The skills companies are looking for today are considerably more varied compared to a few years ago, says WinterWyman Search’s Stagno: “Java and C# remain a part of the market, but when you look at companies founded after the last recession, you're seeing a variety: Ruby on Rails, Python/Django, Node.js, and the emergence of functional programming languages, with Scala the most prevalent.
“We're starting to see some companies adopt Go as well. I'm not a believer that you need to find the ‘right’ technology to master, but you want to make sure that you are current, as there are wrong technologies to choose that will put you behind the curve as the landscape is ever-changing.”
Use the source
In particular for freelancers, the ability to point to your code on GitHub shows that your work has been put to good use and reviewed by your peers.
“Work on meaningful libraries and open-source them to demonstrate instantaneous value to potential employers,” says Kiran Bondalapati, co-founder and CTO of ZeroStack, adding that contributing to open source projects can also help establish collaboration credentials.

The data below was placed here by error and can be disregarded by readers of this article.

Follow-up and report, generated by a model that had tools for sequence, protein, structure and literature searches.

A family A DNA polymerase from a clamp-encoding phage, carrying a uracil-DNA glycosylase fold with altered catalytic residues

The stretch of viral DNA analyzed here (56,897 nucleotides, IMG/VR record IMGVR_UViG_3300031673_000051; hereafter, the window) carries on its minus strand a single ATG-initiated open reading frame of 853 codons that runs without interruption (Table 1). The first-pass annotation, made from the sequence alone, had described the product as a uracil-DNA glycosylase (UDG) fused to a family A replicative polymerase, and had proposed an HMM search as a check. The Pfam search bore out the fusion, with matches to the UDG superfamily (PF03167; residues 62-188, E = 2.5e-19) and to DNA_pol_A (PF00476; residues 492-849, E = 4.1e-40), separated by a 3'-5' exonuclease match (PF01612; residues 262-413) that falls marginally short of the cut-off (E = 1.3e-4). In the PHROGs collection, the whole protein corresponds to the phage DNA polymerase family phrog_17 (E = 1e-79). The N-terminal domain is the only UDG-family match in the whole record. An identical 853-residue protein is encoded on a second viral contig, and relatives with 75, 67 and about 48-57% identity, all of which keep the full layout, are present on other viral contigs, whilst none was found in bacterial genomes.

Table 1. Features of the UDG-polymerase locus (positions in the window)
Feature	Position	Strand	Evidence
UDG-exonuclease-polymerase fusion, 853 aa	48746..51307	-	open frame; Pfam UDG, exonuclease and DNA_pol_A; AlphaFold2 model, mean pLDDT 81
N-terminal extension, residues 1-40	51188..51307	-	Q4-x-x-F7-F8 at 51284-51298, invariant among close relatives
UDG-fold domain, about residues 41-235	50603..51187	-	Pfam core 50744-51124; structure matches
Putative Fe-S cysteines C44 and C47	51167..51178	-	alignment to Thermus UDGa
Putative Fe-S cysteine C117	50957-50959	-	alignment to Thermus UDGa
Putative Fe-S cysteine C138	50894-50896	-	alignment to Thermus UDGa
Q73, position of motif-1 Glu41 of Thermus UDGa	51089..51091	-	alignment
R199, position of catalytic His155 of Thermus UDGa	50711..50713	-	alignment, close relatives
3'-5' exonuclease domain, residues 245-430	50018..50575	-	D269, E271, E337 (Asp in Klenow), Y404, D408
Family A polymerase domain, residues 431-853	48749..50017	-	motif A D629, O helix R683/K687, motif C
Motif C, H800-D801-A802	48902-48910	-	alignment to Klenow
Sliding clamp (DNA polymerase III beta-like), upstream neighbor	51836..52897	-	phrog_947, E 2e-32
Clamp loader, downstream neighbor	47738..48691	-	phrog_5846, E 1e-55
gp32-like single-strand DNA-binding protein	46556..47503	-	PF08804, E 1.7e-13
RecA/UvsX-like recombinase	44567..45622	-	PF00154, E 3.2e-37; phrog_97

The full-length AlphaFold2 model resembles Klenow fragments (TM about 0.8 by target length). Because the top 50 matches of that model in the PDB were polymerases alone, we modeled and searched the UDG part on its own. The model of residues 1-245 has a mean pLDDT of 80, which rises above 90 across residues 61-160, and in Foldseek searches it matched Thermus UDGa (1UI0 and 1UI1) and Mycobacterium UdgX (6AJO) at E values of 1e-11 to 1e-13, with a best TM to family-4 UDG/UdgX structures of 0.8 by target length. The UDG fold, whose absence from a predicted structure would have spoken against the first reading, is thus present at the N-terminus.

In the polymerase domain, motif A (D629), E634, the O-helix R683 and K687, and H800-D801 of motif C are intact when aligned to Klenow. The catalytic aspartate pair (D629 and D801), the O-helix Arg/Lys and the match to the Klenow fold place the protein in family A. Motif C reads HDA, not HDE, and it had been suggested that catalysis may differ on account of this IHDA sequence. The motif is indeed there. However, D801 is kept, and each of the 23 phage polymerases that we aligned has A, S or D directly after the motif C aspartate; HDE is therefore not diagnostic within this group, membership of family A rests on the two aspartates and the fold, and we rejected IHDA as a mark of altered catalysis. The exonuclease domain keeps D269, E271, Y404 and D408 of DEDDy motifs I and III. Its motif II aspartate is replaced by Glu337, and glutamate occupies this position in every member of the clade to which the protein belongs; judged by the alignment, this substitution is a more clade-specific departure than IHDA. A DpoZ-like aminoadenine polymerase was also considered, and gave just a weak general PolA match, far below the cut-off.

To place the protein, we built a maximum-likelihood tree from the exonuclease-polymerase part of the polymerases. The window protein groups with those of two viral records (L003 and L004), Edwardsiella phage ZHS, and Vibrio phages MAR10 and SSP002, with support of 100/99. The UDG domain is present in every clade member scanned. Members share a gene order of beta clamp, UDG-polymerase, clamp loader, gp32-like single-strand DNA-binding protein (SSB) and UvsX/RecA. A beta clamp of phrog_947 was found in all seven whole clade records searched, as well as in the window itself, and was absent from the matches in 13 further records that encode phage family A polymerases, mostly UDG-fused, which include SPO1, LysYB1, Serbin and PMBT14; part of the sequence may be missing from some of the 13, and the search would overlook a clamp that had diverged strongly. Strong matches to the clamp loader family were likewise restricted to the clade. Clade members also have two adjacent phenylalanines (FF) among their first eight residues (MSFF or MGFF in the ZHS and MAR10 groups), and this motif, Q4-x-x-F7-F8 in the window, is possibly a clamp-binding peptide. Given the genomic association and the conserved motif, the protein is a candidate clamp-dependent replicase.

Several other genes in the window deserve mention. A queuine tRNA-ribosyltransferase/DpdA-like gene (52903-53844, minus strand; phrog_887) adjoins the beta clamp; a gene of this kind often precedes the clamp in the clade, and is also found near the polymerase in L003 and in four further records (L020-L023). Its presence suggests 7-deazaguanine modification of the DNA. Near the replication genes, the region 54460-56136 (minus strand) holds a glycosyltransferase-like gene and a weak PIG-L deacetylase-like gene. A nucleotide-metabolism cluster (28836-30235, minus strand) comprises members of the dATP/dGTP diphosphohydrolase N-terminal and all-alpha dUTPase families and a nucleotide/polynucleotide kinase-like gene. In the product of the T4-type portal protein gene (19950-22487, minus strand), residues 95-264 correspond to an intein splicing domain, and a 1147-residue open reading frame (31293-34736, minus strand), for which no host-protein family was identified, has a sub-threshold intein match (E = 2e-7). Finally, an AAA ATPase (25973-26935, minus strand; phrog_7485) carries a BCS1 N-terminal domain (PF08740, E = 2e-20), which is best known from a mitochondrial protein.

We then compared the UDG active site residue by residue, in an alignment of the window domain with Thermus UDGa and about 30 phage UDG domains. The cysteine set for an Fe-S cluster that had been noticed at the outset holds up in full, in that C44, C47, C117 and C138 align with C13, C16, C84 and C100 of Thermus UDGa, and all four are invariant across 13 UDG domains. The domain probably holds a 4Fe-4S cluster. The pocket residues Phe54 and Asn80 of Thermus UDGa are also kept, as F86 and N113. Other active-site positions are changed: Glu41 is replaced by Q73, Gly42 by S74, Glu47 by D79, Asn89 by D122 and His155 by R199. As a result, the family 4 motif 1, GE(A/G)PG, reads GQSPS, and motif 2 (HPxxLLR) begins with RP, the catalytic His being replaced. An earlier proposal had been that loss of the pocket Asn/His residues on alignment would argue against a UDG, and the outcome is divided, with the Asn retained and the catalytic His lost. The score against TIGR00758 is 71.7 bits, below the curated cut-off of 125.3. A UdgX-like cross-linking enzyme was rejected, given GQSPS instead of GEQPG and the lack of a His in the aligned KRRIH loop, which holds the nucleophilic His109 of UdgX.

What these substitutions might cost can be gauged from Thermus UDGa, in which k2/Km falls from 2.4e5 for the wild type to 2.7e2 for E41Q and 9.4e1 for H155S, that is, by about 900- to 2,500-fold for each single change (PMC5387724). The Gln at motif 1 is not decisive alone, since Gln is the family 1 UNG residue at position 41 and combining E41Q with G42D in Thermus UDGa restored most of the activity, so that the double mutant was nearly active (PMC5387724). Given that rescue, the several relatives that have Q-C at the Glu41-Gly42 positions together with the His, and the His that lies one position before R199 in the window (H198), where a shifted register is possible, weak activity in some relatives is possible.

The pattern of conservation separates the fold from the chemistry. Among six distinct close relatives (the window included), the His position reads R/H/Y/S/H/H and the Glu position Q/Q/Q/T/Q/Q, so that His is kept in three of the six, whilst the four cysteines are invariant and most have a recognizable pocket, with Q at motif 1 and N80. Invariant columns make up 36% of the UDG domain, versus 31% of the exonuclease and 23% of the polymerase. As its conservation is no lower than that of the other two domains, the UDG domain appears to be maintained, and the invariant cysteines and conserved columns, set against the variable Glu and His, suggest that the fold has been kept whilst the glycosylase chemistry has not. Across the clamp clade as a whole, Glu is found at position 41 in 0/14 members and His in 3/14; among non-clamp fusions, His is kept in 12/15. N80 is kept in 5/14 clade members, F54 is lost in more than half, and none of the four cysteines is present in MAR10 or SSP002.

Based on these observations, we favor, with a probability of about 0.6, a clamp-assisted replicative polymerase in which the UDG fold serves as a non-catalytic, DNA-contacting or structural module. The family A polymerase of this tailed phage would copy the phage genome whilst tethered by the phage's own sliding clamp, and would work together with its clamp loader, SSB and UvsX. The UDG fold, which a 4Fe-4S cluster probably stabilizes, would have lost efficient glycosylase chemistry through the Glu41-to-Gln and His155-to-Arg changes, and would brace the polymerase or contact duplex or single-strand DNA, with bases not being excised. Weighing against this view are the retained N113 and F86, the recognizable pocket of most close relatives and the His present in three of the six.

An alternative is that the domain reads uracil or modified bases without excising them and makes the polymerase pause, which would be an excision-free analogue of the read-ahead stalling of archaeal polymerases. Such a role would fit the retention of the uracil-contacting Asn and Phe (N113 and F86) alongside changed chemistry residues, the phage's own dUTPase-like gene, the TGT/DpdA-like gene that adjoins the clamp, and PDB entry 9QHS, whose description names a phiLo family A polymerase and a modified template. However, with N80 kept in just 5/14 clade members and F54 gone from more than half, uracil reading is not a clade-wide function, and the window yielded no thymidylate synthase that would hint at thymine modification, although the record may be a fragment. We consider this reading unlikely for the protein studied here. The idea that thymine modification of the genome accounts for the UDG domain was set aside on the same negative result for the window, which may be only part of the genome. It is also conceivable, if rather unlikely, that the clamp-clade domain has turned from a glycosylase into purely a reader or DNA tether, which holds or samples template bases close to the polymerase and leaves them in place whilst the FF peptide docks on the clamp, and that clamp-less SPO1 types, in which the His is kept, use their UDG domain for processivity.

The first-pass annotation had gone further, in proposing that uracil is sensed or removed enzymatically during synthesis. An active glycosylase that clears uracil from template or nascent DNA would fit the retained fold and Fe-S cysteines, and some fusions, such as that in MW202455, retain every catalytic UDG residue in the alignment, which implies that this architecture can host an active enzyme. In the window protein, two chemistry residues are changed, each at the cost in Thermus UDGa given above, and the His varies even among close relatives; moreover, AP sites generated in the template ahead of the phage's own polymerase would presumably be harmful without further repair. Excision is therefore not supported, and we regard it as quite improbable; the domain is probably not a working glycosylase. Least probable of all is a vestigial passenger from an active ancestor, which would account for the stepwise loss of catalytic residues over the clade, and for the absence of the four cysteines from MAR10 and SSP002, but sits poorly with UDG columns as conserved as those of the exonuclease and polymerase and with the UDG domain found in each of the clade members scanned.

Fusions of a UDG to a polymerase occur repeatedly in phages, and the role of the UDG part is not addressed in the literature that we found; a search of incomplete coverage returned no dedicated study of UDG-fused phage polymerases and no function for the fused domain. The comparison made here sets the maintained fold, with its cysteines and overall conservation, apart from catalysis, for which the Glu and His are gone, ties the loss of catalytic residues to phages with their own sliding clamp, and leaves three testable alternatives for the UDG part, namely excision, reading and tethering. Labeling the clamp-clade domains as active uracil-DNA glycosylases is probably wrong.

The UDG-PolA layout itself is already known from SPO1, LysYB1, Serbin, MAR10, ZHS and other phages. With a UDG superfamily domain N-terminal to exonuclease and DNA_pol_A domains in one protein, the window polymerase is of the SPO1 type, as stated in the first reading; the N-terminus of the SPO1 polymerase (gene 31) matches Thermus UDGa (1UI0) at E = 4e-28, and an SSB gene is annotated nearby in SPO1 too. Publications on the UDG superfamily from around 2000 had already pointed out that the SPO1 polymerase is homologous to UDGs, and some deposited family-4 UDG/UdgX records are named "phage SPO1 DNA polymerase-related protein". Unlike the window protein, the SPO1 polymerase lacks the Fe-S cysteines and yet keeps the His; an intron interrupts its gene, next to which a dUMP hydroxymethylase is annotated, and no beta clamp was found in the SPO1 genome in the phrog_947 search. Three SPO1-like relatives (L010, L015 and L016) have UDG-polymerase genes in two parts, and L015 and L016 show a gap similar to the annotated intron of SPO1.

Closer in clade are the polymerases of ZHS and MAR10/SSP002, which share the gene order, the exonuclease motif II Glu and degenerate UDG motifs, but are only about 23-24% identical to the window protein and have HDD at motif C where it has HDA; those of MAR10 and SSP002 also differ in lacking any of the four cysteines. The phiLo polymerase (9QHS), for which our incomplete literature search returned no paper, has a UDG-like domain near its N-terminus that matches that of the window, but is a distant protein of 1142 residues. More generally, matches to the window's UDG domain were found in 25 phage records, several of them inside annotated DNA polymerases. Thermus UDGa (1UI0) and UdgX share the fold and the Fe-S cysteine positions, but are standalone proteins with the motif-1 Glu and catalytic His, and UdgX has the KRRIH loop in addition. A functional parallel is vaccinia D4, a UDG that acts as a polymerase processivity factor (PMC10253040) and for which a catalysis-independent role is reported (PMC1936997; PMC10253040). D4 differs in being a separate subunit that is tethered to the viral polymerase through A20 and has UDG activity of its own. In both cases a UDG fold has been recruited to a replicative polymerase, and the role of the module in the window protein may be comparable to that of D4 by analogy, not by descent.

If companies themselves are exploring GitHub for technologies to add to their stacks, shouldn’t you?
Be agile -- and hone your teamwork skills
Agile development should be part of a coders’ quiver of skills in 2016, says Greg Sterndale, co-founder of PromptWorks, a Philadelphia software consulting shop specializing in Web and mobile applications. And keep it simple: “Be humble and be hungry. Be familiar with agile and lean methodologies -- the ability to break down big projects into small stories, prioritizing, adapting to change, and delivering the most value.”
Since offering feedback is important in an agile environment, Dev Bootcamp instructor Abushadi stresses the need to understand your co-workers as well as the project: “The ability to provide honest, kind, and actionable feedback when working in teams is only truly possible when you have empathy, and the skill of giving -- and receiving -- feedback is more often than not the key difference between successful and unsuccessful projects.”
According to Addison’s Murphy, companies that suffered security breaches last year already know what they want and what skills will be the most useful to them in 2016.
“They’re taking more proactive approaches to increase security, not only within their IT department but across the board,” Murphy says. “We’ll see a shift in the most in-demand technologies this year as a result.
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